Introduction: The effects of lymphocyte subtypes, including helper (Th), natural killer (NK), and regulatory (Treg) cells, and other T-cell subtypes on treatment outcomes in diffuse large B-cell lymphoma (DLBCL) patients are not clearly established. Methods: Among 151 consecutive patients diagnosed with DLBCL, we collected peripheral blood samples at diagnosis from 91 patients who received at least 1 cycle of R-CHOP (cyclophosphamide, doxorubicin, vincristine, and prednisone plus rituximab) chemotherapy and analyzed lymphocyte subsets by flow cytometry. Results: DLBCL patients had a higher proportion of CD4+CD25+ Treg (p < 0.001) and lower absolute lymphocyte count than those of healthy controls. Lymphopenia at diagnosis was associated with advanced-stage disease (p = 0.001), a high-intermediate/high-risk International Prognostic Index (IPI) (p < 0.001), and older age (p = 0.060). High-intermediate/high-risk IPI, high proportion of CD3+CD4+ Th cells, and extranodal site ≥2 correlated with unfavorable prognostic factors for survival. High proportion of Th cells was associated with fewer cytotoxic T cells and NK cells at the time of diagnosis. Conclusion: This study showed an association between circulating lymphocyte subsets including Th cells, Tregs, and NK cells and clinical outcomes in DLBCL; however, further confirmation is needed via prospective trials.

Copyright / Drug Dosage / Disclaimer
Copyright: All rights reserved. No part of this publication may be translated into other languages, reproduced or utilized in any form or by any means, electronic or mechanical, including photocopying, recording, microcopying, or by any information storage and retrieval system, without permission in writing from the publisher.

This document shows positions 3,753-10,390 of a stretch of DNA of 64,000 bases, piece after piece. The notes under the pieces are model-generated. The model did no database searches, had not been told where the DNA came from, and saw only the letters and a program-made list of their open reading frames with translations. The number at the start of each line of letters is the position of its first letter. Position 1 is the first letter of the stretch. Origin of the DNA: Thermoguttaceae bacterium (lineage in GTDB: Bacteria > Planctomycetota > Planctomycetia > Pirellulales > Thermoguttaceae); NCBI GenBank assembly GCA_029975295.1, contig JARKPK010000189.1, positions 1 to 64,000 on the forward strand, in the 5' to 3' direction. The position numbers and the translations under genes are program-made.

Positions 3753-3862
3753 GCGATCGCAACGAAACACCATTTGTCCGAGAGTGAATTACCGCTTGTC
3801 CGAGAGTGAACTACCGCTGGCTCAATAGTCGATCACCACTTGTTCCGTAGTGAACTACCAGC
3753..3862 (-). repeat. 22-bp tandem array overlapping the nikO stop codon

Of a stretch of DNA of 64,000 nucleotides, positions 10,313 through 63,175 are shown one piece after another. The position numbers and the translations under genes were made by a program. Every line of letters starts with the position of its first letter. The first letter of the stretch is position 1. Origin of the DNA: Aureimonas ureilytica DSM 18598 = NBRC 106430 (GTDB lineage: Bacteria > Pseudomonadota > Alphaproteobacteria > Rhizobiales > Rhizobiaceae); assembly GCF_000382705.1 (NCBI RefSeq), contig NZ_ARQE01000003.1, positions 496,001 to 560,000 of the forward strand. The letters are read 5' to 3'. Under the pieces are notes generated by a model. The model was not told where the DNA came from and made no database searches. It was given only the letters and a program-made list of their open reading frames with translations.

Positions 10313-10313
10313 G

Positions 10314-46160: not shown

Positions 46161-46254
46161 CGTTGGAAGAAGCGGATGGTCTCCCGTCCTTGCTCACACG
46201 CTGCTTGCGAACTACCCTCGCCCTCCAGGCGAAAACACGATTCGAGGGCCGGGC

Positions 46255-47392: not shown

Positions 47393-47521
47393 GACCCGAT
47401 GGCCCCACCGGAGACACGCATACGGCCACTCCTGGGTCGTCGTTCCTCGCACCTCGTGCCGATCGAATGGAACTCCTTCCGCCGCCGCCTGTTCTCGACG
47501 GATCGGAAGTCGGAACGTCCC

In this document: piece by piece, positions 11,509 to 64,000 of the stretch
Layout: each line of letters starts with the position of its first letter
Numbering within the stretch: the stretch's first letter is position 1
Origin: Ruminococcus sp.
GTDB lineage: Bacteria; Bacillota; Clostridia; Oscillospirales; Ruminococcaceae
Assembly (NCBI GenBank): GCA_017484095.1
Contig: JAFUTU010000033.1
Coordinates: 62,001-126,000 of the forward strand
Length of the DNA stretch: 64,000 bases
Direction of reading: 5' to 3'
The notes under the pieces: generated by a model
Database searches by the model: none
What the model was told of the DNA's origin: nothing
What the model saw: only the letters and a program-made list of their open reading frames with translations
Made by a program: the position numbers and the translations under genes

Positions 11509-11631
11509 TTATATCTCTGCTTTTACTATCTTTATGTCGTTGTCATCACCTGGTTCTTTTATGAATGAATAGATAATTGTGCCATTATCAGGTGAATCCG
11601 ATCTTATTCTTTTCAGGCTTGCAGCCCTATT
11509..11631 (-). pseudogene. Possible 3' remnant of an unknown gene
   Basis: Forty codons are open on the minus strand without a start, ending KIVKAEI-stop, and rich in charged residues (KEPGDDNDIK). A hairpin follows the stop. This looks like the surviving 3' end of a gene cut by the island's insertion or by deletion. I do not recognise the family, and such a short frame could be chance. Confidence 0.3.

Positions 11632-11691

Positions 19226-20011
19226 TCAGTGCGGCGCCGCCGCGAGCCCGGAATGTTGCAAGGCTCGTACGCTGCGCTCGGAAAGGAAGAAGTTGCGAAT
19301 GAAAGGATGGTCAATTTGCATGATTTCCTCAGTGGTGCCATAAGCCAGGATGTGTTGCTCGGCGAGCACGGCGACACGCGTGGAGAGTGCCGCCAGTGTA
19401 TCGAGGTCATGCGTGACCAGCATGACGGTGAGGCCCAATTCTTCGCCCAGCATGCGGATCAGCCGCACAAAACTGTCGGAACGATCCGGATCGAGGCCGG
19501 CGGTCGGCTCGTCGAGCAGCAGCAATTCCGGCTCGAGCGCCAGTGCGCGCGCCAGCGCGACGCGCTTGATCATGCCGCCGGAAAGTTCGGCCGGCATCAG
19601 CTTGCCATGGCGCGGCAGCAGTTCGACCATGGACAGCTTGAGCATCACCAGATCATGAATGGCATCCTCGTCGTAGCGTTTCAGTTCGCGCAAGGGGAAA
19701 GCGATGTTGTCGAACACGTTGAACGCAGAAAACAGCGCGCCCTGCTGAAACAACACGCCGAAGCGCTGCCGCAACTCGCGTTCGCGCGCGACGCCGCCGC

Drug Dosage: The authors and the publisher have exerted every effort to ensure that drug selection and dosage set forth in this text are in accord with current recommendations and practice at the time of publication. However, in view of ongoing research, changes in government regulations, and the constant flow of information relating to drug therapy and drug reactions, the reader is urged to check the package insert for each drug for any changes in indications and dosage and for added warnings and precautions. This is particularly important when the recommended agent is a new and/or infrequently employed drug.
Disclaimer: The statements, opinions and data contained in this publication are solely those of the individual authors and contributors and not of the publishers and the editor(s). The appearance of advertisements or/and product references in the publication is not a warranty, endorsement, or approval of the products or services advertised or of their effectiveness, quality or safety. The publisher and the editor(s) disclaim responsibility for any injury to persons or property resulting from any ideas, methods, instructions or products referred to in the content or advertisements.
You do not currently have access to this content.